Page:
Greetings and Salutations! Your humble wine bargain sleuth occasionally fields questions relating into my apparent love of wine and all things related thereto. Why wine instead of other passions such as golf, hunting, fishing, knitting or maybe canasta? Well, my friends, the answer to that question is complicated and lengthy, but I thought it might be insightful and a little fun to stroll down memory lane to demonstrate five recent examples of why wine has become such a fascination of mine.


Reason number 1 that 2019 has been a great wine year to date is the Epoch Wine Dinner at Stephen Pyles’ Flora Street Cafe in January. Proprietors Liz and Bill Armstrong (shown center in the photo above) and their daughter Lindsey Armstrong Strawn (to the left of Liz) truly transformed the garden variety wine dinner to a celebration of the marriage of world class fare with sublime Rhone-style Epoch Wines from Paso Robles. Attendees were treated to varying wines which included the proprietary Epoch White, Rose and several of my favorite Red Blends created by rock star Winemaker Jordan Fiorentini. Such was the demand for the Epoch Wine Dinner that Flora Street Cafe essentially treated the restaurant as closed for a special event, rather than simply using a small separate room as is more typical for wine dinners. The general enjoyment and merriment of the wine lovers at the event were greatly enhanced by the Armstrongs’ genius of requesting that the bold among the attendees sing a wine-themed song, with the “winners” each receiving a prized bottle of Epoch wine. Liz and Bill, come back to Dallas for one of your singular wine dinners anytime!


Reason number 2 is a February visit to legendary Diamond Creek Vineyards in the fog of the Diamond Mountain AVA of Napa Valley. Founded by Boots Brounstein and her late husband Al in 1968, Diamond Creek Vineyards is widely considered one of the icons of Napa Valley and the original pioneer of Diamond Mountain, one of my favorite Napa appellations. Diamond Creek’s philosophy of winemaking is to make 100% Cabernet Sauvignon wines from the three principal estate vineyards Volcanic Hill, Gravelly Meadow and Red Rock Terrace (as well as the occasional release of the Lake Vineyard). Big, powerful Cabs with distinctive personalities characterize the Diamond Creek Vineyards wines in spite of their relative proximity to the other vineyards. Our visit to Diamond Creek even included a tour of the breathtaking grounds, a vertical tasting of the different estate Cabs and even a brief visit with both the elegant Boots Brounstein (who said hello on her way back from a pilates class(!)) and her son Phil Ross. All in all, our visit was a memorable introduction to a pioneering Napa Valley family and its scenic and venerable winery.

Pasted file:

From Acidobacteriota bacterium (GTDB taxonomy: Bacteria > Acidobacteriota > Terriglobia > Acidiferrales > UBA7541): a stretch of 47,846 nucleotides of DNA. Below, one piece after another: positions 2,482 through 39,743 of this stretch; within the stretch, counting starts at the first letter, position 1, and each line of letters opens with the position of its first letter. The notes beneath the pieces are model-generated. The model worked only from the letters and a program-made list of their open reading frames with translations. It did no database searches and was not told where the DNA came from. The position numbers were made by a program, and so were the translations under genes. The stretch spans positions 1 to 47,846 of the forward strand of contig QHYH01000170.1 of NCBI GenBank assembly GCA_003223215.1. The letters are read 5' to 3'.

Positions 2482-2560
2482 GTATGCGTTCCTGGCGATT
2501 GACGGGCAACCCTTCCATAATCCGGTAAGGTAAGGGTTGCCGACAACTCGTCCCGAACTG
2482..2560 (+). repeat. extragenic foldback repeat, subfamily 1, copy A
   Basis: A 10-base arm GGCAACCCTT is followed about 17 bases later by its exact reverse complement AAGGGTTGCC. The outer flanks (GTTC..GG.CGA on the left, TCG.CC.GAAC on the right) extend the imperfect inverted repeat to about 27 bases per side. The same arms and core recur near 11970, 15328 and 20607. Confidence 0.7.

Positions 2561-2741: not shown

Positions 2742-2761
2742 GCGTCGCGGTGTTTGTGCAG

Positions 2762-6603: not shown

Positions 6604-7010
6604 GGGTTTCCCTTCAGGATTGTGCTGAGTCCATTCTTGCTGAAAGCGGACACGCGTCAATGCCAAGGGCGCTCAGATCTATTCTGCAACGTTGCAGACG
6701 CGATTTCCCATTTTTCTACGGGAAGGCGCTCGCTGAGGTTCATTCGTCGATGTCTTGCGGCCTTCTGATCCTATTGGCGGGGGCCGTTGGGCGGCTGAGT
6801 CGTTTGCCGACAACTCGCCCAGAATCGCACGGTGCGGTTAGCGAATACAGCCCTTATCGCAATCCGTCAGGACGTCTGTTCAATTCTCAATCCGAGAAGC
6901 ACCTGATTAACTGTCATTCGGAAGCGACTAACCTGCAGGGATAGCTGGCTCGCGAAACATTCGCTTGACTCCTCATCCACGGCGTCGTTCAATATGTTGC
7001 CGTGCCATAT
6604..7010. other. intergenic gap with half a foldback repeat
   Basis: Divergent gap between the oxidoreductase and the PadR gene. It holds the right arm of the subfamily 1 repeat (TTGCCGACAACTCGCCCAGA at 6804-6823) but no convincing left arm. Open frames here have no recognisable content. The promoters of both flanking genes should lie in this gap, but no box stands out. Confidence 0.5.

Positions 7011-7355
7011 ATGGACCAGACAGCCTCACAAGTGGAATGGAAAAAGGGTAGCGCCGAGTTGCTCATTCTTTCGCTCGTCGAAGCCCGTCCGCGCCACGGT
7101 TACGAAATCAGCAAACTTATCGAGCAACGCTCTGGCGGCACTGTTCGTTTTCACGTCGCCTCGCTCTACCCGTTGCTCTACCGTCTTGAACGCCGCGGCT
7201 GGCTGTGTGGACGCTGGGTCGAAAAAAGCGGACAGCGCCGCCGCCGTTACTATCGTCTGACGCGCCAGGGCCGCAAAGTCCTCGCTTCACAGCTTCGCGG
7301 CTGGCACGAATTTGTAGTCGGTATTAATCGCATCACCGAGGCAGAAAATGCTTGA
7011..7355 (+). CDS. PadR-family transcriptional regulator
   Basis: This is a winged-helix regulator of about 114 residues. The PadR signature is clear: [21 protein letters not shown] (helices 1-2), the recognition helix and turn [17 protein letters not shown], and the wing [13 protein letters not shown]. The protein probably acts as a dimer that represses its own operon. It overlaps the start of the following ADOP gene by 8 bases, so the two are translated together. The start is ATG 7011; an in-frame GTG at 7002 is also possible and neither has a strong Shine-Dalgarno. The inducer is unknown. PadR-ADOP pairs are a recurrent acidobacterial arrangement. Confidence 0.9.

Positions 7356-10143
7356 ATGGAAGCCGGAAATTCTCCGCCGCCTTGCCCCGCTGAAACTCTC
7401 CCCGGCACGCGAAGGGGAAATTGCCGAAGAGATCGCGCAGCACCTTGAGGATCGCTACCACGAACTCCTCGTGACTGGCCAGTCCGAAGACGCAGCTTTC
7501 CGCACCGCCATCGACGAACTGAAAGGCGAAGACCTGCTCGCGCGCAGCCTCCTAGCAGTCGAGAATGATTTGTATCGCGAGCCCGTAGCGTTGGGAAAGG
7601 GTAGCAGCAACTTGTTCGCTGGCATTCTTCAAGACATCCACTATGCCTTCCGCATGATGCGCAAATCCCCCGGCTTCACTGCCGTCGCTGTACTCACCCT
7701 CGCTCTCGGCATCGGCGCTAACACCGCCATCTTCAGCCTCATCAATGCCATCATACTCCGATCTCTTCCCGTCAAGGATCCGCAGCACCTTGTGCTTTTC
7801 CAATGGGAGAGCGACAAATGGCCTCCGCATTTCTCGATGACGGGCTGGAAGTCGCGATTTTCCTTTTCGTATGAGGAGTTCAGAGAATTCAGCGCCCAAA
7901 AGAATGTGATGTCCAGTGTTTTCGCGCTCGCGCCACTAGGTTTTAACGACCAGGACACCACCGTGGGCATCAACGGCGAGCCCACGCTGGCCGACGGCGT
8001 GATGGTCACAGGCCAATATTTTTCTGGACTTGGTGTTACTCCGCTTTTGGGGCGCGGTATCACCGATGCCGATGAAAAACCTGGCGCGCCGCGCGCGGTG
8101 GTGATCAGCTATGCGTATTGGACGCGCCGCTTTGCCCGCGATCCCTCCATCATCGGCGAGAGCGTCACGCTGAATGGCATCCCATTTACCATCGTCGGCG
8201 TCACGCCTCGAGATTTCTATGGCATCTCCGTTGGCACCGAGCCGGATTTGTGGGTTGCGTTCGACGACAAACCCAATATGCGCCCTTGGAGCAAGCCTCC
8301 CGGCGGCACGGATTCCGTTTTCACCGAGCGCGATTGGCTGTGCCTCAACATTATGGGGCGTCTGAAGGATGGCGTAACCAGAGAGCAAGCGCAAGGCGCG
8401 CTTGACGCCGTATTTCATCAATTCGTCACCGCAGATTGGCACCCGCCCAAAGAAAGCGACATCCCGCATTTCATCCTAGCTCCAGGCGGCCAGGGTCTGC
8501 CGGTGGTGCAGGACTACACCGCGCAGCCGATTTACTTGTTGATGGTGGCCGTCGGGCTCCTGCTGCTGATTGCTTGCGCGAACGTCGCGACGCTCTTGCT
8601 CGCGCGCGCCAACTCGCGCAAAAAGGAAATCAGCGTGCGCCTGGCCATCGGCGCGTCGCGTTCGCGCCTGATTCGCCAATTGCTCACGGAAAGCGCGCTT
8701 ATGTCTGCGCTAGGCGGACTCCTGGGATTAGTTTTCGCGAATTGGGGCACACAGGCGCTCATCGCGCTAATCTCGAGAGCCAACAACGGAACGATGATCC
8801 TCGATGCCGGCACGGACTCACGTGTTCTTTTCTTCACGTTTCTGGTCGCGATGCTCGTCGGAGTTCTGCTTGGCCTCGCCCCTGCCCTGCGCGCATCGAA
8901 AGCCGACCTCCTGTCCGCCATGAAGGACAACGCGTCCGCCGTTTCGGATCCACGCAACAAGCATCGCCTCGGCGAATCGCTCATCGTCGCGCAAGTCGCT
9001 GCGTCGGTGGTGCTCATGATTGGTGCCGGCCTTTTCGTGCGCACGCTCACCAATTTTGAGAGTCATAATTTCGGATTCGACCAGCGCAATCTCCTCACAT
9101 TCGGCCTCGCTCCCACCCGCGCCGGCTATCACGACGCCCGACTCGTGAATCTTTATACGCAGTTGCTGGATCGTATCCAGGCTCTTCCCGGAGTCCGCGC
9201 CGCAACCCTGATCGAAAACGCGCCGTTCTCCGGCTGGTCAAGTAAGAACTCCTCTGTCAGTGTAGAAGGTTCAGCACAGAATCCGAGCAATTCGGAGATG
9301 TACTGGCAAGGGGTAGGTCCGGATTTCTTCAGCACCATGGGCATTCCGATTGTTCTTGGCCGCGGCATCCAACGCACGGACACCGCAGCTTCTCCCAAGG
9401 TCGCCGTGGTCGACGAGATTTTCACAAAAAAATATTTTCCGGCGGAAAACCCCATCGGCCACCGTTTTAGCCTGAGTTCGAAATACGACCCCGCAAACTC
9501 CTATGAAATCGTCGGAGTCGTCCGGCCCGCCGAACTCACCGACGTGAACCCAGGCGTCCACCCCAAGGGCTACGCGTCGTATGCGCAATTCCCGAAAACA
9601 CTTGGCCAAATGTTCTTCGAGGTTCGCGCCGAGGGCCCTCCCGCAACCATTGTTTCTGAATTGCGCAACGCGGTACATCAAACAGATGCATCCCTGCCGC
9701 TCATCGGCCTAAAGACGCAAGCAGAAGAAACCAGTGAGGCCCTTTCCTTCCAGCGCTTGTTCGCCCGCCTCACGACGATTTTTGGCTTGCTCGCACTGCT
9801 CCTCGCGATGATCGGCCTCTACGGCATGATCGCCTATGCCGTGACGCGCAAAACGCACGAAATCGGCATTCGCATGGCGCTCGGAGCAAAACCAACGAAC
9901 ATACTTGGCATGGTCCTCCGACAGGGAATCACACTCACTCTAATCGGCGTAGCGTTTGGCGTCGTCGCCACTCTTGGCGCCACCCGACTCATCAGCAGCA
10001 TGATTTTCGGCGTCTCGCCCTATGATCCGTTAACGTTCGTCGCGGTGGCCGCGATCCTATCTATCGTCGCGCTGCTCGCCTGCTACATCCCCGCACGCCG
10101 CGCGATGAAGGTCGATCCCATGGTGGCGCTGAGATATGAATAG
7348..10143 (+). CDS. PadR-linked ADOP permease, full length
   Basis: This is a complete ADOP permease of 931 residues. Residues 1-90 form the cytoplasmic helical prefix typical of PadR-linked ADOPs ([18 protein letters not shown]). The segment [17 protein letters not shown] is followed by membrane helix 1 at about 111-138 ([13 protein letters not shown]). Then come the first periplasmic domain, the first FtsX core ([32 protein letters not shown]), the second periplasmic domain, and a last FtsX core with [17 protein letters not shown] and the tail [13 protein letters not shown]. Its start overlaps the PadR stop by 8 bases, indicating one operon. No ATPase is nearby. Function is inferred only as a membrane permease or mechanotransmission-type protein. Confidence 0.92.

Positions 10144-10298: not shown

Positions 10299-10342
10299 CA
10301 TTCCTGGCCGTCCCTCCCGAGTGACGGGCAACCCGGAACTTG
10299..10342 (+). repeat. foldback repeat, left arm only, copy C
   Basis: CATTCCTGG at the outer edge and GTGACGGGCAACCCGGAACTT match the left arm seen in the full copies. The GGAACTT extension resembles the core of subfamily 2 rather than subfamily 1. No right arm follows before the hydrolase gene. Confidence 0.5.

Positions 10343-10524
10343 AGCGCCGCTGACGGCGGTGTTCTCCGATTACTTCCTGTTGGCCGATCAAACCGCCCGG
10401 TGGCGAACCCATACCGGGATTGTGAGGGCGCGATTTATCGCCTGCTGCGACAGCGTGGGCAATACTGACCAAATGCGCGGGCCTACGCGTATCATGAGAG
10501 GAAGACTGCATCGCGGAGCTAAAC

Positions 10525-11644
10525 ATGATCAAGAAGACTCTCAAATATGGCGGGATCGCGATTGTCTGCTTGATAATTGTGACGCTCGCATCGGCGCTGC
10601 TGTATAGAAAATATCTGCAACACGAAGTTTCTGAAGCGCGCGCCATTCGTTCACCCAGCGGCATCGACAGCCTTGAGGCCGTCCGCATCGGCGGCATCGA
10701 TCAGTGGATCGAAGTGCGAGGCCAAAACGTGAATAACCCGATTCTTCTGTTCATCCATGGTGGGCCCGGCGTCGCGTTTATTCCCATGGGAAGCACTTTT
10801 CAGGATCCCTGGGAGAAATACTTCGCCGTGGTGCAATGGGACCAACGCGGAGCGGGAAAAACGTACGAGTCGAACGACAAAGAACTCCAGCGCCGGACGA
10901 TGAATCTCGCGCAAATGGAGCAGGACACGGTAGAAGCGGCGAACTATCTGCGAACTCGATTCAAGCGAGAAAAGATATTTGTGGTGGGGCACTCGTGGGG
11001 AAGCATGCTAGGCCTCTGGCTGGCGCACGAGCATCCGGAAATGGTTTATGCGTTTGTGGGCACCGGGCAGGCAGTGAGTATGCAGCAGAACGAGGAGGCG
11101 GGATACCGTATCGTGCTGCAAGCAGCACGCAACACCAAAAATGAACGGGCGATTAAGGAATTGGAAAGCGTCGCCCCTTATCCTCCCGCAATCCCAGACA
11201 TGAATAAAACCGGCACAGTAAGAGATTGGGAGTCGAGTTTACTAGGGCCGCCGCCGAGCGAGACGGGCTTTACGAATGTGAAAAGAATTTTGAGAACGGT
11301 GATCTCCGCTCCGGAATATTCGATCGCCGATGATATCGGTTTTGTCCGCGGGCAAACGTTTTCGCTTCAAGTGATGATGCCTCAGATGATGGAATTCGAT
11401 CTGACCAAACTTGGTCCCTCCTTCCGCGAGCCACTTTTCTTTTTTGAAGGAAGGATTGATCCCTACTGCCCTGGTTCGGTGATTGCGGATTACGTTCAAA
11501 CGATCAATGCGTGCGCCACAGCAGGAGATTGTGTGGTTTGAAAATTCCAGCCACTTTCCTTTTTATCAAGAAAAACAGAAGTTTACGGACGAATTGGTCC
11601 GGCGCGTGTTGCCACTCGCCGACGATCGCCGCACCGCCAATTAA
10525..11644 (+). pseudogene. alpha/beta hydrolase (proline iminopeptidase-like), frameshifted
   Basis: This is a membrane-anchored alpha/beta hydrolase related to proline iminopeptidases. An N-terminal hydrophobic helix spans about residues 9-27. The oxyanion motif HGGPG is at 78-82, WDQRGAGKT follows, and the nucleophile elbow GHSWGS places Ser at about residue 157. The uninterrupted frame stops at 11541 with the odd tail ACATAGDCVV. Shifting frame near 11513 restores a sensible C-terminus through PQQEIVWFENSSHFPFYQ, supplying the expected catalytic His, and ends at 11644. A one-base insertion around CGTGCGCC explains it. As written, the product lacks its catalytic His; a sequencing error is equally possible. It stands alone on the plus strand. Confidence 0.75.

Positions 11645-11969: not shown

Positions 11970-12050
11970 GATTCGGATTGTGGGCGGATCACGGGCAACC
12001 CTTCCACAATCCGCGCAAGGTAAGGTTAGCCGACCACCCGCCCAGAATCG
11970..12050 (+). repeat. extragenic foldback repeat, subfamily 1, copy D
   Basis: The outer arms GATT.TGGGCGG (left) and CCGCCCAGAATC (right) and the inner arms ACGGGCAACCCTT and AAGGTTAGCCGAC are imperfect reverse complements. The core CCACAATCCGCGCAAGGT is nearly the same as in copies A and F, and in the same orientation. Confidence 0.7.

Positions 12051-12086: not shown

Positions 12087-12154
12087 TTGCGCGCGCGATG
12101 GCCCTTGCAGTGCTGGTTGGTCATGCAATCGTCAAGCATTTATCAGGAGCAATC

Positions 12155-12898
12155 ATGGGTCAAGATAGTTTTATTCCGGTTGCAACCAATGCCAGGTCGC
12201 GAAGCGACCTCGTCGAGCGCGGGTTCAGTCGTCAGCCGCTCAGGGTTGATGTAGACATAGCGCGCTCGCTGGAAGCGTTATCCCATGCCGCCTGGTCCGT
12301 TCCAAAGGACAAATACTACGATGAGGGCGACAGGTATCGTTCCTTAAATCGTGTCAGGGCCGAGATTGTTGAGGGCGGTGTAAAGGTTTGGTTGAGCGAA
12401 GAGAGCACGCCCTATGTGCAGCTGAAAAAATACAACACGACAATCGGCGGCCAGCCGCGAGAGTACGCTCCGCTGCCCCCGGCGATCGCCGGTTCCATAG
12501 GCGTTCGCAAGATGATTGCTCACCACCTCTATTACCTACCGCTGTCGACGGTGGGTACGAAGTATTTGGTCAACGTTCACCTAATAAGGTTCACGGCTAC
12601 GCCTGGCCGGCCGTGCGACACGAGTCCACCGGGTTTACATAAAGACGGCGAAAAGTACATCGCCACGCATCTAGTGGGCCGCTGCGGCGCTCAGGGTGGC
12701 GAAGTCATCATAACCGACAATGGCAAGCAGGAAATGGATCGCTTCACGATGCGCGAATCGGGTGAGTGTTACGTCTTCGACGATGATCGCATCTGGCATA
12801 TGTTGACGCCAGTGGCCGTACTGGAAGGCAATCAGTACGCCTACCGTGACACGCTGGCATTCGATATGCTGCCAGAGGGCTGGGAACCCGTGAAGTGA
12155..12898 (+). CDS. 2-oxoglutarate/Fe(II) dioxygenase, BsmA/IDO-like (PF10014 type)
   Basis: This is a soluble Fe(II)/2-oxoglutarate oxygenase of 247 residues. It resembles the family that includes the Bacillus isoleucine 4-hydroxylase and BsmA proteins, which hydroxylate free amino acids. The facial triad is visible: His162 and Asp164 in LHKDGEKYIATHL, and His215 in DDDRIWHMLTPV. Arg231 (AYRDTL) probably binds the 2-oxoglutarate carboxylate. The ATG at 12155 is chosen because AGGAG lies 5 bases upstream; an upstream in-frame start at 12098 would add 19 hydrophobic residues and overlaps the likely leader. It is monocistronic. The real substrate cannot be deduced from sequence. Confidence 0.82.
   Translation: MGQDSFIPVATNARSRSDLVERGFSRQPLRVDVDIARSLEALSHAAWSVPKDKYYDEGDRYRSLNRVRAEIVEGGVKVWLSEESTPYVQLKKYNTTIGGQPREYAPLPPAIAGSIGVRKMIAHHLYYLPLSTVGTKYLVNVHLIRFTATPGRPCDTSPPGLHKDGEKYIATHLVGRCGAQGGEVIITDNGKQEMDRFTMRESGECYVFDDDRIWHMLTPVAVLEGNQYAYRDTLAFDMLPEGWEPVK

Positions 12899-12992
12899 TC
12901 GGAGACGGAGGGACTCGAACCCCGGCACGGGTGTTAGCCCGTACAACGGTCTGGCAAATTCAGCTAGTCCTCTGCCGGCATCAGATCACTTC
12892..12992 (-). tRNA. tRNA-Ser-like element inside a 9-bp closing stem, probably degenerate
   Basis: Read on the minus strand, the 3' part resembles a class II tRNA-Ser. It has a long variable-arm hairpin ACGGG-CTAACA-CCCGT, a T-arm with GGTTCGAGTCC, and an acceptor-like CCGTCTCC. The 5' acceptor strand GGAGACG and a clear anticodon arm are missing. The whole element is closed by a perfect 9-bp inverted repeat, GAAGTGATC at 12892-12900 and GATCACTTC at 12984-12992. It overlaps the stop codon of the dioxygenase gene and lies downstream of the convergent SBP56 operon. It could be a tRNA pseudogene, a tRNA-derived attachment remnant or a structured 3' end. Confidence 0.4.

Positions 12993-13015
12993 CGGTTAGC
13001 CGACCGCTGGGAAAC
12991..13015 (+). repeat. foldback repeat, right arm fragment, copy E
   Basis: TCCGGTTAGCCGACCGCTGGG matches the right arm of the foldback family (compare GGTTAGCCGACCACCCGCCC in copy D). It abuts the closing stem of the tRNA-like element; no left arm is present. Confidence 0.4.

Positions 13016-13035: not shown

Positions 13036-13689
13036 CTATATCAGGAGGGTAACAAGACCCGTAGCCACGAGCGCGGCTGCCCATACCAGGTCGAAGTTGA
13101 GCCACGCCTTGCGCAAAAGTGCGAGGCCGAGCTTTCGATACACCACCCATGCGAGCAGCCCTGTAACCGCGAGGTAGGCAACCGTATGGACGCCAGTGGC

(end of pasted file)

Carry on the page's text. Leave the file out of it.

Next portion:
Reason number 3 is the release of an exciting new wine series. Regular readers of The Wine Bargain Sleuth have most likely caught on that I am an unabashed fan and cheerleader of Adobe Road Winery and its president, Kevin Buckler (pictured above with Mrs. Sleuth). A recent visit to Adobe Road afforded a preview of the new 4 car-themed wine blends that constitute the Racing Series: Redline, Shift, The 24 and Apex. Although still in their relative infancy, each of the Racing Series wines have already received 90+ ratings from the likes of Wine Advocate and Wine Spectator, pretty salty starts to a young marketing campaign. Your humble sleuth likes nothing better than a scoop on a cool piece of news, and between a proclivity for fine cars and a jones for great wine, how could this preview not be a highlight for February? Check out the Racing Series blends. They are both imaginative (courtesy of talented ARW winemaker Garrett Martin) and remarkably tasty. Even better, each outdrinks its retail price as well!


Reason number 4 is an outstanding wine event at the Park Cities Club in Dallas which afforded a chance to renew friendships with the proprietors of some excellent wineries from Howell Mountain in Napa Valley, including Tod and Kristine Ratfield of KrisTodd Vineyards (pictured far above), Mike and Terry Lamborn of Lamborn Family Vineyards (pictured above) and Marc Cohen of Howell at the Moon Winery. Fellow Dallas wine sleuths got the opportunity to mingle with our guests from Howell Mountain while tasting over 20 terrific offerings and interpretations of the stellar Howell Mountain Cabernet Sauvignon and Zinfandel grapes. If you haven’t had the opportunity to attend a wine festival, you don’t know what you are missing. Great stories, big personalities, quality wine friend attendees and, of course, the juice doesn’t suck. Just sayin’….